Today’s reading can be unsettling and disturbing. We hear about the disintegration of the world in the most graphic of terms. As usual we have to put these readings into context. Daniel wrote about 200 years before the birth of Jesus. At that time, the Greeks occupied the land and they were trying to unify their empire by imposing Greek thinking and beliefs on everyone. In Daniel’s time, it was a crime to practice the Jewish faith and many died for doing so. We know this from the Book of Maccabees and the story of the mother of seven sons whom she encouraged to die rather than deny their faith. Though Daniel writes of a future time what he is trying to do is encourage the people of his time to be faithful to the teaching and traditions of their ancestors. Those who are faithful would be vindicated.
The same is true of Mark – the people of his time were suffering under the persecution of Nero and many were dying for the faith and so Mark too points to a time of deliverance when all will be made right and good and faithful people would be vindicated by the victorious Christ.
We’ve all experienced occasions in our lives when we felt our world was fall apart – we couldn’t cope with what was happening around us – we were swamped with anxieties. It may have been the shattering news of serious illness, the sudden death of a spouse or a child – the loss of a job and career, the ending of a marriage or an important relationship or it could be a sense of being betrayed or let down by someone in whom we really trusted. And yet when we look back we see that we’ve come through these hard times and have moved on, better persons for having endured them.
In a way it’s the make up of the very process of life itself – death and resurrection. There was a book out years ago called ‘Passages’ and it dealt with the different critical phases we go through in life – times of crisis which can become times of growth. The author uses the example of the lobster to make her point. For a lobster to grow it has to shed the very shell that protects it because that shell is hampering its growth – and as its new shell grows to fit its growing body the lobster is in a state of total vulnerability – but unless it sheds its old protective shell and faces that time of danger – it will die, crushed by its old shell. Its very vulnerability is its source of growth and life. When we reflect on our lives we can see how our personal crises image this example of the lobster. We are strong and have the ability to move on in and thru times of vulnerability and struggle.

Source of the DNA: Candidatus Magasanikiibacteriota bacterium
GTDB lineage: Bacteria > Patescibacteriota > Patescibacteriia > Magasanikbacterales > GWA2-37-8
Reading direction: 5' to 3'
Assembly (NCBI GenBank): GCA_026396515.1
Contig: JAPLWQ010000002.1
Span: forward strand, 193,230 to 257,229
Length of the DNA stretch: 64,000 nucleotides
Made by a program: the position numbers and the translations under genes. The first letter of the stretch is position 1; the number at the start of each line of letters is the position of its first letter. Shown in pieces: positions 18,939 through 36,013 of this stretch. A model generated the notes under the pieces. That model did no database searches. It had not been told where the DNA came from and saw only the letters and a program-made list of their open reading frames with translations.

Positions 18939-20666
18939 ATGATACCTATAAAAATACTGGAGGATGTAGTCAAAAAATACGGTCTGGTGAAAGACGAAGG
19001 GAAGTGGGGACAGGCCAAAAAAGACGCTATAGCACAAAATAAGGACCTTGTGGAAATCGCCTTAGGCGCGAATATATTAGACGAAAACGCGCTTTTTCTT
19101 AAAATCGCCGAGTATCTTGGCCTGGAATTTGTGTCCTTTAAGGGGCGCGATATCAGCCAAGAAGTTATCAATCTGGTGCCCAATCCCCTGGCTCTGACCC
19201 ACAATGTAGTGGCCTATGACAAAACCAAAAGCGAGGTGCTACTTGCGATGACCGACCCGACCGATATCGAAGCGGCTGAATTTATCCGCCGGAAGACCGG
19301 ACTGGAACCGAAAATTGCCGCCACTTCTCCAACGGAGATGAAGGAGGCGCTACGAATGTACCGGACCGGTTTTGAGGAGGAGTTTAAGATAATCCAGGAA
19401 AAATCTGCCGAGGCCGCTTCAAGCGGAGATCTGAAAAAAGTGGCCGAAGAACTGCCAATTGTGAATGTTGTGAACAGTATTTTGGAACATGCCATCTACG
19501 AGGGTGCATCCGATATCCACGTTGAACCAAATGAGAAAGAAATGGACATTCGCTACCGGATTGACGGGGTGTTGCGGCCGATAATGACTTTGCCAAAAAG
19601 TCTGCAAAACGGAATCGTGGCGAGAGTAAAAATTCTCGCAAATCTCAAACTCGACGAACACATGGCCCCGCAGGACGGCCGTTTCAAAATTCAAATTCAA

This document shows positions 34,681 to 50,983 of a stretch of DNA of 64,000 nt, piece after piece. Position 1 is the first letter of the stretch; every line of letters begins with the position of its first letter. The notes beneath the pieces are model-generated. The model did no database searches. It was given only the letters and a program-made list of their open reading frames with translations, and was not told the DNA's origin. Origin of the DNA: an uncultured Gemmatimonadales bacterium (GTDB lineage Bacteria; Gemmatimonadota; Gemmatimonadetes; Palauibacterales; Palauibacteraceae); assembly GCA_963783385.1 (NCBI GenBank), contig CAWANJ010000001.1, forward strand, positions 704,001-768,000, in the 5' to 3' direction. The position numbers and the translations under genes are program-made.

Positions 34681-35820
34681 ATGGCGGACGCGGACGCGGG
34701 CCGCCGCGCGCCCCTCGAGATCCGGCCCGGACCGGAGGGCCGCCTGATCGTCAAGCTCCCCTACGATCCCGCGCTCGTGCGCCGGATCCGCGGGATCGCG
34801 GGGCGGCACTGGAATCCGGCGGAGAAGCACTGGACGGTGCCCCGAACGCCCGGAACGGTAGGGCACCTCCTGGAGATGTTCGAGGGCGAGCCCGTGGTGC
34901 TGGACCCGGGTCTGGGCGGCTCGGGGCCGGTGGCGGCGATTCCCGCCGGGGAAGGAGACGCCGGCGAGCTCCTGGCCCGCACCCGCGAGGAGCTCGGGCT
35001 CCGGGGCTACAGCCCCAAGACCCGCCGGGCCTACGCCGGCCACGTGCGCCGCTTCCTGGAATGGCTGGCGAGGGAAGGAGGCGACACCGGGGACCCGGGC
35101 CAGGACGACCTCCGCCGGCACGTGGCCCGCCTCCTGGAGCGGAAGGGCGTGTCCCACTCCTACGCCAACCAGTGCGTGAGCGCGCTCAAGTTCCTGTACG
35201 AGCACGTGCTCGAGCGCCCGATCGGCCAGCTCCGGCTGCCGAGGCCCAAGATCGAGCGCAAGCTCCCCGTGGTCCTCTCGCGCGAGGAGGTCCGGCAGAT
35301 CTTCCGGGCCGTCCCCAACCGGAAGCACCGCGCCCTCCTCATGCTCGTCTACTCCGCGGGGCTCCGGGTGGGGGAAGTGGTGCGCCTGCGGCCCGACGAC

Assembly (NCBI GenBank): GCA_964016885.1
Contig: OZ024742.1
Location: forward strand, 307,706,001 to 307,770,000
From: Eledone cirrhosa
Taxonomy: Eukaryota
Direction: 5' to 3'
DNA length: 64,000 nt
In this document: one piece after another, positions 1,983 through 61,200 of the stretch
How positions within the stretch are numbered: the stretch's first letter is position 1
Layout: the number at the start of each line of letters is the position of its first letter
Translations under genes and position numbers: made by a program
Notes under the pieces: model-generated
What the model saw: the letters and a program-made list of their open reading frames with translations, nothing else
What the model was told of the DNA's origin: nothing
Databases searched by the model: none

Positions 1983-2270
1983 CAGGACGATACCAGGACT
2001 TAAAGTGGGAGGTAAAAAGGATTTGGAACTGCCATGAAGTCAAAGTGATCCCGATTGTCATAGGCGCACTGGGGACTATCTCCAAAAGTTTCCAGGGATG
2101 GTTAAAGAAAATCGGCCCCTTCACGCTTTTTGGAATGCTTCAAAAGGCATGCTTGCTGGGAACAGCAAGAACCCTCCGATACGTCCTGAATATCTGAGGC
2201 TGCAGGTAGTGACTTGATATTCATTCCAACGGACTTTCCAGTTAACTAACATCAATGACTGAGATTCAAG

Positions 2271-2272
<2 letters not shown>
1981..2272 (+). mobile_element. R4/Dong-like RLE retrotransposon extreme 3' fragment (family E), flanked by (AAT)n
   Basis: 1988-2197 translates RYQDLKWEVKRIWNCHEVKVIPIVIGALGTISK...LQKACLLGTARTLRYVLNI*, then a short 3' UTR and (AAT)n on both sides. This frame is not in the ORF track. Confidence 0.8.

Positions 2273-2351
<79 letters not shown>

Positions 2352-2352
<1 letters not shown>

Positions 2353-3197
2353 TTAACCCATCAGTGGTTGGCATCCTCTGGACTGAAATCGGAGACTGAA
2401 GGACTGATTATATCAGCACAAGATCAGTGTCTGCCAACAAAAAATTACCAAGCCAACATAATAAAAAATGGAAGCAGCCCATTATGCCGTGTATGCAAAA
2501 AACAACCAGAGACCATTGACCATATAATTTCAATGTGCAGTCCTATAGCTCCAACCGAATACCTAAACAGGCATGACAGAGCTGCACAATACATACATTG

Today’s readings are very fitting for our parish family – we’ve had our own cataclysmic events. We’ve grieved over the loss of a church that was our home for over 50 years, a church in which we celebrated countless baptisms, wedding and funerals, a church in which we gathered for Sunday Mass for years. It was hard to say good bye – I know many in the parish felt uprooted, some told me of how they cried when they saw our old church demolished – it hurt them to see this happen. I understand this. As I mentioned before, it was traumatic to celebrate the morning Masses and see, even as I celebrated, the demolition of a church and monastery that have part and parcel of my life since 1960. It was truly an “ending”.
But today we celebrate a new day and a new church. Cardinal Ambrozic will dedicate our new church this afternoon. It’s a new beginning but with links to our past – we still celebrate at the same altar, baptize at the same baptismal font, reverence to the same tabernacle, sit in the same pews and most importantly pray and praise with the same good people.
In this new space and place we will try, as we did in our old place, to believe, belong and become. We will struggle together to grow to full maturity in Christ and come to a deeper reverence for the beauty of God’s good creation and grow in our awareness of our place within the life communities of Earth and do what we can by simplifying our life styles to bring about the healing of the Earth.
So as we continue this Mass we pray for ourselves and for each other that, in an attitude of gratitude, we will give thanks to God for bringing our parish family to this day and this space.